It is the feeling of brotherhood that makes fasting in Ramadan a unique and joyous experience
On the 14th day of Ramadan, as I drove back home to break my daily fast (roza), a beep on my cell phone alerted me to an incoming message. This is what the message said: "Hello, Mr Bhatt. I understand through your utterances and writings that you are not a religious man and you do not believe in the efficacy of prayer. But I have now learned that you maintain roza in the month of Ramadan. But the peculiar thing is that when you break the fast you do so without offering prayer. Your actions, Mr Bhatt, bewilder the Hindus and shock the Muslims as well. May I ask why you keep roza?"
This question from a stranger made me smile but since the query was an innocent one I instinctively punched in my response, which was, "Islam is a part of my heritage. I was born to a Brahmin Hindu father and a Shia Muslim mother. When I was a child my mother would ensure that I fasted for at least one day in the month of Ramadan. I remember her telling me that during the month of Ramadan the Muslims say that the gates of hell are closed and the gates of heaven are open. This is the month when Muhammad received his first revelation. After my mother died six years ago I realised that the only way to keep her alive within me was to fast for every single day in the month of Ramadan."
That evening when the distant azaan was heard and the clock announced that the day’s fast had come to an end, my parched body welcomed the first sip of water that I had taken in 14 hours like a desert would welcome rain. As I bit into an overripe date I discovered that at this particular moment I was a part of this collective release which bound me together with millions of people in my country and all over the world with such unnatural force that I experienced a sense of exhilaration like I had never experienced before. And it was then that for the first time I realised what the spirit of Ramadan is really all about. When so many people together wholeheartedly share a common purpose, they are united in a way that one has to experience to truly comprehend. And the exhilaration comes from the fact that it’s not about the individual alone but about all of us, together, doing something so completely.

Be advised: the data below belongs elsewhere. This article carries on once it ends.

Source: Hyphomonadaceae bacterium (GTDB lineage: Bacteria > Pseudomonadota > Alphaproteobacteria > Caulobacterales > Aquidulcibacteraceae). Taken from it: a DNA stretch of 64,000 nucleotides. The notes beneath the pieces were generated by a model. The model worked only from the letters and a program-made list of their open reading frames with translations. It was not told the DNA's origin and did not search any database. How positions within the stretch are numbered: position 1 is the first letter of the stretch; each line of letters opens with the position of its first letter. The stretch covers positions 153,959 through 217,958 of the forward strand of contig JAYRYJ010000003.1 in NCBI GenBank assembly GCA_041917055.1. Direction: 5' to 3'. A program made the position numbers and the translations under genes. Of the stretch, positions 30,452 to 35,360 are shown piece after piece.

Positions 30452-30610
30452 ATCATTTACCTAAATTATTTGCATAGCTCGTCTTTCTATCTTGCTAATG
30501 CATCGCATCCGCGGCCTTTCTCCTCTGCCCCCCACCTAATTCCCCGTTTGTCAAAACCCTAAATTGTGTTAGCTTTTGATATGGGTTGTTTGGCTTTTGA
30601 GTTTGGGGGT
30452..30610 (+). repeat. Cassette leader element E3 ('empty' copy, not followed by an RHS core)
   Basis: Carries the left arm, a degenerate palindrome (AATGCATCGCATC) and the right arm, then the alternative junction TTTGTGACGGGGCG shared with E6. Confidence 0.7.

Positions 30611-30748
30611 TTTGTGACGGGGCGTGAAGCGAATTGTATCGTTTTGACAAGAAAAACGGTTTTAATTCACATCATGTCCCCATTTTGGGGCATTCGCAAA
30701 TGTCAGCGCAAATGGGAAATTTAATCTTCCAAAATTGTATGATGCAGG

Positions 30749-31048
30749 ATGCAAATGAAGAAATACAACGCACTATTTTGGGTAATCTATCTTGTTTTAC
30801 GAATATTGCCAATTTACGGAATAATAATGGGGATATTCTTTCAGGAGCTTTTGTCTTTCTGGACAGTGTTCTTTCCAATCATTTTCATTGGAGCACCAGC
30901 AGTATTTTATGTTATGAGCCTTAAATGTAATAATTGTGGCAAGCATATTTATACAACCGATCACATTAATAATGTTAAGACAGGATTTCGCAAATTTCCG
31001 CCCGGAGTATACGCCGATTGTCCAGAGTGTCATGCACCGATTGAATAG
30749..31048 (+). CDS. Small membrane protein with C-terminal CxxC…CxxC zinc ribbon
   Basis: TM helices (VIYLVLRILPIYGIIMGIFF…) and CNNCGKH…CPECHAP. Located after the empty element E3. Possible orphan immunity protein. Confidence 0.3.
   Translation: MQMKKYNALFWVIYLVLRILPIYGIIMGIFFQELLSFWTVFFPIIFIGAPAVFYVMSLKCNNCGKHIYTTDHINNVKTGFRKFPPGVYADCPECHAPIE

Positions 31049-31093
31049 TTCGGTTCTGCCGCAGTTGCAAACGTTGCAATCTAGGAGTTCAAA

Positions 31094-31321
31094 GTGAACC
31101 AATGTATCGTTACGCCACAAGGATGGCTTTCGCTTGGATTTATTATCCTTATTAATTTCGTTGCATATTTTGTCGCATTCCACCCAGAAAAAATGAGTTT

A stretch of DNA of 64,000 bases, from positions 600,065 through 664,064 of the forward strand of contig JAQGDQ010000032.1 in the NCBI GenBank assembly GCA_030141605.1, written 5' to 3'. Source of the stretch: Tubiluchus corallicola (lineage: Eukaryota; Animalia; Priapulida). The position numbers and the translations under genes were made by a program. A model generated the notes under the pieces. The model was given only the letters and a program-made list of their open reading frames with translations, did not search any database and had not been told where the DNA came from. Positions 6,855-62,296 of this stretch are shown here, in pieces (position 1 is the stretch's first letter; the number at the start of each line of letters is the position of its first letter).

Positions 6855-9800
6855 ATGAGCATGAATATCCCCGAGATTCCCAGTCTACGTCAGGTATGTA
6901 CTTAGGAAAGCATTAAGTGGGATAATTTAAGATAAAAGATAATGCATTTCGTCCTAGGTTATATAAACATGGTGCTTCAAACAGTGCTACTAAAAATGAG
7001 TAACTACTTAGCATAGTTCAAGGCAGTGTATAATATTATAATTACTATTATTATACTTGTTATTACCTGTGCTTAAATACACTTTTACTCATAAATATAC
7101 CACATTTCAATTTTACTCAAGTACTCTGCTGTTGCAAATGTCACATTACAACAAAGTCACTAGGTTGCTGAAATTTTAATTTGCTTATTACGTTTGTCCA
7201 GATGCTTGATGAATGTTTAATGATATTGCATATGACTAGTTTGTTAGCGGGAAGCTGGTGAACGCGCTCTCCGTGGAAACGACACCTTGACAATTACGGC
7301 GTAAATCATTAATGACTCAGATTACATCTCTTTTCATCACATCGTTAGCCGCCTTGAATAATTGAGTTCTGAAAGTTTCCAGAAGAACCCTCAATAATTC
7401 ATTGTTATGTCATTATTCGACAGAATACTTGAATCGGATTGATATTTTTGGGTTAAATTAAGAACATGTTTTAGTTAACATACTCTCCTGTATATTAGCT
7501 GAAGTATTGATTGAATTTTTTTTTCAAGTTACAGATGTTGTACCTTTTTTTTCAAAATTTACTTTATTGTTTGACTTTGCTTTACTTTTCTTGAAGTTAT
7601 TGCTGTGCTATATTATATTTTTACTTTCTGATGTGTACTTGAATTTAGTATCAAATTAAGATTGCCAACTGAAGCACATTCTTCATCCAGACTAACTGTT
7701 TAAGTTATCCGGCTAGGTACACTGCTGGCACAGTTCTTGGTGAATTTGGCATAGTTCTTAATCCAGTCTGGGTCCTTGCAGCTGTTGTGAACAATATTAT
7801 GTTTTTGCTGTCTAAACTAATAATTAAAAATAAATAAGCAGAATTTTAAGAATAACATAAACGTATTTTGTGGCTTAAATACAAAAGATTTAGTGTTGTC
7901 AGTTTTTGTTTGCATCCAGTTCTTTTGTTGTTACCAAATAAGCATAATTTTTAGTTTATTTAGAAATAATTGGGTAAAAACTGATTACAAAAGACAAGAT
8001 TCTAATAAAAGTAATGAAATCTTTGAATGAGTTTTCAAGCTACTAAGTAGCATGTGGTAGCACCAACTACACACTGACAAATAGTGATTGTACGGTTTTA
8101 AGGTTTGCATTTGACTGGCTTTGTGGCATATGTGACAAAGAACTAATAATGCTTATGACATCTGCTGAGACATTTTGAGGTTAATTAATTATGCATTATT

And it is perhaps this feeling of brotherhood that makes fasting in Ramadan such a unique and joyous experience.
In this buy, consume and junk age where one’s consciousness is being bombarded by all kinds of pleasure peddlers who market their mouth-watering food and drink on the hour by the hour, it is such a relief to shut the door to them and their wares and protect your body from an overdose of pleasure.
In the month of Ramadan one takes a break from the hedonistic way of life. One gets off the treadmill of constant pleasure seeking and lives a life of austerity and simplicity. This rejuvenates the physical organism and fills one with unusual vigour. As days turn into weeks you begin to realise that the human organism spends too much energy in trying to process excess food intake. The maxim that man is killed by too much food rather than too little food suddenly begins to make sense.
In the first few days of Ramadan, when the pangs of hunger gnaw at your insides leaving you to constantly stare at the clock, you suddenly feel as if there is an invisible umbilical cord connecting you to the sea of otherwise faceless people all over the world that often go for days without a square meal. Your apathy and indifference slowly begin to fade away and your heart begins to wake up to the all-pervasive suffering of your fellow human beings.
Another thing that makes this Ramadan even more special for me is that my 13-year-old daughter, Alia, has for some strange and unknown reason spontaneously decided to fast along with me. "Like you fast for your mother, I fast for you," she said simply after I asked her what prompted this unexpected decision. No wonder a wise man once said, "What you teach your children, you also teach your grand-children". I wonder whether years ago while my mother was shaking me awake in the hush of the morning light and whispering, "Beta, time for sehri," she knew she was also awakening her future grand-children. Isn’t this at the end of it all what culture is all about?